Not long after, on the morning of December 7, 1941, Ray was waiting to hear from the owner of a grocery store he was hoping to buy. Instead, he heard the news: Pearl Harbor had been bombed. He knew right away that he’d be called to war; instead of taking over a grocery store, he enlisted in the U.S. Army Air Force (as it was then called), got his pilot’s wings and began flying B-25s.
“They kept me Stateside, patrolling the Gulf side of Texas. The planes had no guns, no bombs, they were stripped down B-25 bombers. If we saw anything in the Gulf, subs or anything, we’d radio the Coast Guard and they’d take care of it.” It turns out that there were a number of German submarines cruising in the waters of the Gulf of Mexico during the war, but not many people knew it at the time and plenty don’t know it now.
After the war, Ray and Edith moved to Roachdale, Indiana where Ray went into the grocery business with Edith’s father and brother. One day a neighbor walked into the store and asked Ray how much money he was making. “I don’t remember now what the figure was, but I knew then, and I told him.
He said, ‘How would you like to double that?’ and when I asked him how I would do that, he told me to go to Indianapolis and apply at Allison Engineering to be an inspector. I said I didn’t know how to be any kind of inspector and he said, ‘We’ll train you, and I’ll be your boss.’ “
Ray interrupts his story with an aside: “All I knew at the time was flying and girls. I still remember the flying but I can’t catch the girls any more. And if I did, I wouldn’t know what to do with them!”
Ray had a 25 year career with Allison Engineering, afterwards retiring to Florida where he made his home to the east of Ocala until he was widowed. At that point, his daughter Sherry, who visits him regularly and shares his warm and witty disposition, convinced him to move nearer to her home in the Williston area.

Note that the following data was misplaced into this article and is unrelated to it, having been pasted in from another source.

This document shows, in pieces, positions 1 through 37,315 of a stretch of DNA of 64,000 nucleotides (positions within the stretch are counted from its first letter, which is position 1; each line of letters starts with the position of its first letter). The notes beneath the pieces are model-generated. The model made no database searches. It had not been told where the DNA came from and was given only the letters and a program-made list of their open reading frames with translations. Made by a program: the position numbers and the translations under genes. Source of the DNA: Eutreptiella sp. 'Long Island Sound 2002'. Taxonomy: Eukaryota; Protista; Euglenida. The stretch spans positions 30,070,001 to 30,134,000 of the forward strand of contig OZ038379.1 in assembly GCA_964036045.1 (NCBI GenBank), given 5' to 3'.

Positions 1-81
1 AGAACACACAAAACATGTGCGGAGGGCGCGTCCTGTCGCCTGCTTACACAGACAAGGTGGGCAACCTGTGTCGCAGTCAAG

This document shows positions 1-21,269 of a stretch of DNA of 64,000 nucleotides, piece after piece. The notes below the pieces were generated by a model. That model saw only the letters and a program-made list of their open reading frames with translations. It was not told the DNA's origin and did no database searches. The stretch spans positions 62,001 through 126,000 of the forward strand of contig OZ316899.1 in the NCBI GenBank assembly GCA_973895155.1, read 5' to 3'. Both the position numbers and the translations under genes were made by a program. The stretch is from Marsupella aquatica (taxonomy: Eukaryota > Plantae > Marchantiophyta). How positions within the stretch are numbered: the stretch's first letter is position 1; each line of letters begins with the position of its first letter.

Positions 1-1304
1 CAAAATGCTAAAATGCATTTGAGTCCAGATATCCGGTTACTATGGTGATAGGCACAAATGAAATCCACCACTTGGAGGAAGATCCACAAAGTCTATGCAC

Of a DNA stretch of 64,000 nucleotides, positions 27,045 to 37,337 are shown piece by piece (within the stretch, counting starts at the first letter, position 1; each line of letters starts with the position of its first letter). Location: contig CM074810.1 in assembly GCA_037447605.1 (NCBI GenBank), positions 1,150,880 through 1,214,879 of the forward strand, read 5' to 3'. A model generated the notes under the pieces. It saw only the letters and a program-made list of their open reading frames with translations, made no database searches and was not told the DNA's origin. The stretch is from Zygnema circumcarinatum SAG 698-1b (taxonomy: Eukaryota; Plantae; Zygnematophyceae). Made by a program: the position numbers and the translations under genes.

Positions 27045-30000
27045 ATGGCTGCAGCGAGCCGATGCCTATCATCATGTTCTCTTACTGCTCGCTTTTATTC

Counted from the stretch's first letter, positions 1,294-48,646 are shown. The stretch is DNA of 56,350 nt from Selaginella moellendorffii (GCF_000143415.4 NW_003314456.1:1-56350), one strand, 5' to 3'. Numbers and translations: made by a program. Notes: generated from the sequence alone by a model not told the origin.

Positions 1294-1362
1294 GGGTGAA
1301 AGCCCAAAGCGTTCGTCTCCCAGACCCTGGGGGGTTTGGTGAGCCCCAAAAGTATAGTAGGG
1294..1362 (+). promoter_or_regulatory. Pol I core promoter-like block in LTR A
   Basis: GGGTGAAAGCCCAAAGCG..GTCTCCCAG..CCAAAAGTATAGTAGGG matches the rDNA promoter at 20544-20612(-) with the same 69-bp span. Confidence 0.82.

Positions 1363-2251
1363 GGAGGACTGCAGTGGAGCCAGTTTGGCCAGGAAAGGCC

Four months ago Ray broke a hip and was admitted to Williston Rehabilitation and Nursing Center where he has been recovering, exercising and starting to walk again. “Yesterday I walked the length of the building, out the front door, around the parking lot, and back again,” he announced. He’s pleased with his stay at the nursing center and says he has no complaints.
While we’re talking, his lunch tray is delivered by a staff member who looks as happy to see him as he is to see her. They banter for a minute and when she leaves, he turns to me and says, “They’re all so nice to me. If I go down the hall, any one of them I asked would give me a hug or a kiss.”
This from the man who sums up his 88 years of experience with this advice: Live it up to the fullest and don’t be afraid to take chances!
If you or someone you know enjoys listening to or swapping stories, you’d have a fine time visiting with Raymond Smith. Please call to make arrangements through Activities Director Penny Moore or Social Worker Carmen Wagner at Williston Rehab & Nursing Center at 352 528 3561. Williston Rehab is located at 300 NW 1st Avenue, behind Hardees.
Raymond Smith was photographed by Donna Mitchell, who also interviewed him and wrote this article. Donna is the Community Liaison for Williston Rehabilitation and Nursing Center as well as Parklands Rehabilitation and Nursing Center in Gainesville; she also serves on the board of Friends Across the Ages (AcrossTheAges.org), a Gainesville organization whose volunteers make friends with people living in nursing homes.